https://usa-breakingnews.com/wp-content/uploads/2019/05/190423062810-nancy-pelosi-file-01132019-large-169-2-1-1.jpg 259 460 USA Breaking News https://usa-breakingnews.com/wp-content/uploads/2018/09/usa-breaking-news-300x94.png USA Breaking News2019-05-16 10:28:242019-05-16 10:40:05House to vote on bills to lower drug prices but GOP balks at Obamacare protections
Democratic leaders have packaged the drug price legislation with a several bills aimed at strengthening Obamacare, which have Republican representatives crying foul.
Speaker Nancy Pelosi defended the grouping Wednesday, saying that Democrats are delivering on their promises from the midterm election to protect those with pre-existing conditions and tackle health care costs.
“We are passing these bills because we have responsibility to families fighting diseases and Americans struggling to afford their prescriptions,” Pelosi said in a news conference, calling on Senate Majority Leader Mitch McConnell to take up the legislation.
While the two parties have been working together on measures to address drug costs, House Democrats are also seeking to reverse many of Trump administration’s moves to undermine the Affordable Care Act.
The goal of the drug price bills is to make it easier for generic medication to come to market by ending some of the roadblocks that brand name manufacturers erect. For instance, it would ban brand name drug makers from paying generic rivals to delay bringing their lower-cost products to market and would make it easier for generic drug makers to get the samples they need to make their versions.
But the legislation would also reverse President Donald Trump’s extension of short-term insurance plans, which don’t have to adhere to all of Obamacare’s rules, so they can reject people with preexisting conditions or charge them higher premiums. The administration last year made these policies more attractive by extending their terms to just under a year, instead of three months. Also included is a measure to restore funding for outreach and assistance during Obamacare’s open enrollment period that the President has slashed since taking office.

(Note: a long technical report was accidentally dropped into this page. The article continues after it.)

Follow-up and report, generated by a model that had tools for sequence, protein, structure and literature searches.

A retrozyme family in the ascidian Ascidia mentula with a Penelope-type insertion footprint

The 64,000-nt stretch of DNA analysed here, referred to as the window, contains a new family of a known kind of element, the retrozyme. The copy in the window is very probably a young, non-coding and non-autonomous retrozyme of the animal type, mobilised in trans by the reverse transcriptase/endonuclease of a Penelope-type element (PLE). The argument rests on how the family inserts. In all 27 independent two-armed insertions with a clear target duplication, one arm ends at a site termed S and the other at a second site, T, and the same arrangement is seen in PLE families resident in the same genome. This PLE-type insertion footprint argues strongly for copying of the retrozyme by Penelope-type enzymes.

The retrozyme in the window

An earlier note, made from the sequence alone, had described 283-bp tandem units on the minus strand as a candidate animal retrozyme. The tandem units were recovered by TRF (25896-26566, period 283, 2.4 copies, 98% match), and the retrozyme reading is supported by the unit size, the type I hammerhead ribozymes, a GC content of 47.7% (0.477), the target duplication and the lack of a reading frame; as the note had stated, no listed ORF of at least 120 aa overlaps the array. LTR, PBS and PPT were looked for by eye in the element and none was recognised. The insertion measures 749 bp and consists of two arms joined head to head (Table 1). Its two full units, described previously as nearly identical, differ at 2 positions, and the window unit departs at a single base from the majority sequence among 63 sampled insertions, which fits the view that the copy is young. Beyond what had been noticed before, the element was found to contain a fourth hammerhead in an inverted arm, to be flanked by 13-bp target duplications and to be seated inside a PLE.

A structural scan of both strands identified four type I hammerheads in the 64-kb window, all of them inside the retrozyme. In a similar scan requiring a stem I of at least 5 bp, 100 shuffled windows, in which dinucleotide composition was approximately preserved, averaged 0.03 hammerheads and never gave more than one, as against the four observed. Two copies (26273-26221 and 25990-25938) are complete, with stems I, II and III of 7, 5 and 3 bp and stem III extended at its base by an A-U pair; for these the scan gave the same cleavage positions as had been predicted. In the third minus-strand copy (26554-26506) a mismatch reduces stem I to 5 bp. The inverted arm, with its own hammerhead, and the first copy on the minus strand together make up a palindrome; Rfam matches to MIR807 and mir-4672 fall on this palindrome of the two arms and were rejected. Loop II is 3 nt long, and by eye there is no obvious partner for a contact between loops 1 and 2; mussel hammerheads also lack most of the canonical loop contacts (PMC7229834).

The packaging of the bills led Republicans to slam the majority party.
“It shows they’re not serious about governing,” said Republican Rep. Richard Hudson of North Carolina, who sits on the Energy & Commerce Committee, where the legislation originated. “You know, we’ve spent a long time coming to agreement on the drug pricing legislation. We can easily pass that out of the House on a voice vote. But by packaging it with poison pill legislation, they know we can’t support. It just shows they’re not serious about legislating.”
The drug reform bills passed the committee with unanimous bipartisan votes, but the Obamacare provisions were approved on strict party-line votes, according to a senior Republican House aide.
Combining the measures will make it “dead on arrival” in the Senate, Hudson said.
The White House also took issue with the combined bills, noting in a statement of administration policy that it contains “positive steps called for by the President to lower drug prices” but also measures that would limit Americans’ health insurance choices and coverage. White House advisors would recommend the President veto the bill if it remains in its current form.
Thursday’s vote comes a week after House lawmakers approved three bills that also addressed drug costs and the Affordable Care Act. The drug price legislation, which also aimed to bolster the availability of generic medicines, were passed with broad Republican support. But the Obamacare measure, which nullified a Trump administration guidance that would allow states to ask for waivers to make major changes to their Obamacare markets, was approved mostly along party lines with only four Republican members joining Democrats.
Republicans blasted their rivals across the aisle for naming the latter bill Protecting Americans with Preexisting Conditions Act of 2019, saying that states would not be allowed to waive the health reform law’s comprehensive protections for those with spotty medical histories.
Last week’s bills are not expected to be picked up in the Senate.